The crisis complicates regional security (and humanitarian) cooperation as, firstly, some soldiers there have been accused of abuses, secondly the violence there has given rise to non-jihadi militancy among hardline Buddhist groups, and thirdly whether the crisis is domestic or regional has become a divisive issue.
The battle of Marawi may have ended but it revealed how the military may be underprepared for an Aleppo scenario – urban takeover – happening beyond Middle East.
Furthermore, Marawi has seen how terrorists can leverage new technologies – consumer drones – to match the capabilities of security forces; and the city is now seeing how rehabilitation – a key effort of counter-terrorism – is potentially becoming an issue of geopolitical rivalry given concerns over the involvement of Chinese construction firms even as the US provides military aid.
The series of suicide attacks by jihadi families in Indonesia demonstrates the operational difficulty of gathering intelligence on and intercepting numerous foreign fighters and their radicalised families returning home from the frontlines.
This by extension may give rise to the risk of these individuals surreptitiously crossing the borders to launch attacks in neighbouring countries.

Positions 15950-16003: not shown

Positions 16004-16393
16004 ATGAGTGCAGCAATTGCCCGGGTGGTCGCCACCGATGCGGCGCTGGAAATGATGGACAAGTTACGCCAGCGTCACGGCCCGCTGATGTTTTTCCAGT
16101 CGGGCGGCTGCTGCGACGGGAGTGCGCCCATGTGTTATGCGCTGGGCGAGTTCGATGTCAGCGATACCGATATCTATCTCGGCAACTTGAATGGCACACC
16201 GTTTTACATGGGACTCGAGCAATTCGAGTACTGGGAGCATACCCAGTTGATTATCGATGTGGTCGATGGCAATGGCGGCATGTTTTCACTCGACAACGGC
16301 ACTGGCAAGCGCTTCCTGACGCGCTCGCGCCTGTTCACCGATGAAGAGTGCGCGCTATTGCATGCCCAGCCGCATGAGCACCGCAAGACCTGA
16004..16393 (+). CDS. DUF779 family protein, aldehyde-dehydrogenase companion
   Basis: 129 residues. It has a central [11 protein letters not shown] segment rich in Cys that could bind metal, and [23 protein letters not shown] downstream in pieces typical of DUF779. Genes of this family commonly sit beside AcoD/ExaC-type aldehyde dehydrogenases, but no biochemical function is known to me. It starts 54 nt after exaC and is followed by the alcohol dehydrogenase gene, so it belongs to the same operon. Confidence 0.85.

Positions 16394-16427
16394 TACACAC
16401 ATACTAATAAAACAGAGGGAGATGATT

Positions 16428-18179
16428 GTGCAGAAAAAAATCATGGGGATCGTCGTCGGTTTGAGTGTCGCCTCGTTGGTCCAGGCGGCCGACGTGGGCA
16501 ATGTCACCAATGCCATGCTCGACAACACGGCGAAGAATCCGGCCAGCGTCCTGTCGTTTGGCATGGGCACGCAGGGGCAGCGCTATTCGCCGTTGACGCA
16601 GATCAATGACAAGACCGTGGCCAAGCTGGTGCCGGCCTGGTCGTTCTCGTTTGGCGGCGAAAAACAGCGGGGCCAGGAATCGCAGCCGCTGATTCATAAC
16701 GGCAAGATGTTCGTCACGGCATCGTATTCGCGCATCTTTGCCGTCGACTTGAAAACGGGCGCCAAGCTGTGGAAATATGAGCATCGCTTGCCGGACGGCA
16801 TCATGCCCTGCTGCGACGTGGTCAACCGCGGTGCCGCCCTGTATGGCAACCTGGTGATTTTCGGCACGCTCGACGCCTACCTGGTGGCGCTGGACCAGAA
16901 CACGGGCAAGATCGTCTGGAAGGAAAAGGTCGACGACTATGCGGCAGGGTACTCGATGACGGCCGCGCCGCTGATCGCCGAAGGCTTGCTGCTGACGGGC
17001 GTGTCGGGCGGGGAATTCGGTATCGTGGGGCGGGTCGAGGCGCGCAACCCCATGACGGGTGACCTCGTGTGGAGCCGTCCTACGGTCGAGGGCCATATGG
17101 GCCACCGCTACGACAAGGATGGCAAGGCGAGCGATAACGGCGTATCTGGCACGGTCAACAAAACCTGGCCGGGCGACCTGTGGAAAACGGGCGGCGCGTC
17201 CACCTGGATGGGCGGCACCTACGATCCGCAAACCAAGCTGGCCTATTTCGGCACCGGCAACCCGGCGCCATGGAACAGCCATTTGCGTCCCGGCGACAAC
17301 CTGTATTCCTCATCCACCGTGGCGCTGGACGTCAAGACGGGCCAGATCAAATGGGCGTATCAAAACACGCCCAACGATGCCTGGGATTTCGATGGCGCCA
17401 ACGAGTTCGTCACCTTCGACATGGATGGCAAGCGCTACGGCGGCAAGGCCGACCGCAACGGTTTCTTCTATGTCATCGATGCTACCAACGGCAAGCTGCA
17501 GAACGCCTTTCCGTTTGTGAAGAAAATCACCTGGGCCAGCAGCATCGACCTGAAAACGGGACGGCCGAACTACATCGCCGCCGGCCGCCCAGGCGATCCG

Furthermore, security forces would need to gird for increased public scrutiny especially if the use of necessary force to neutralise attackers who are women and children risk inflaming anti-government sentiments, which terrorists could then capitalise on.
ASEAN – MULTILATERALISM IS KEY
The current trajectory of terrorism increasingly blurs the lines between domestic and international security. For example, IS foreign fighters are combatants that the military must neutralise in the Levant. However, they also constitute social and security challenges when they return home as well as pose a cross-border security threat if they travel through other countries.
The situation in Syria shows how big power rivalry between Russia and US may impede counter-terrorism actions at the frontlines, and even feed the terrorist narratives. These issues, if not addressed, would only perpetuate terrorism and frustrate counter-terrorism efforts.
These issues cannot be resolved unilaterally or bilaterally, but best addressed through neutral multilateral platforms that facilitate international cooperation in an open and inclusive way.
ASEAN is the key regional architecture in East Asia and beyond a “talk shop”; it plays a central role in enabling multilateral platforms that facilitate international counter-terrorism cooperation particularly in raising awareness of emerging terror threats and reducing disparities in counter-terrorism capacity among member countries.
Within ASEAN, the ASEAN Defence Ministers Meeting (ADMM) and ADMM-Plus are key to maintaining good relations that underpin strong defence cooperation in various areas; and engaging external partners such as China and US to build confidence and lower the risk of miscalculations at the frontlines.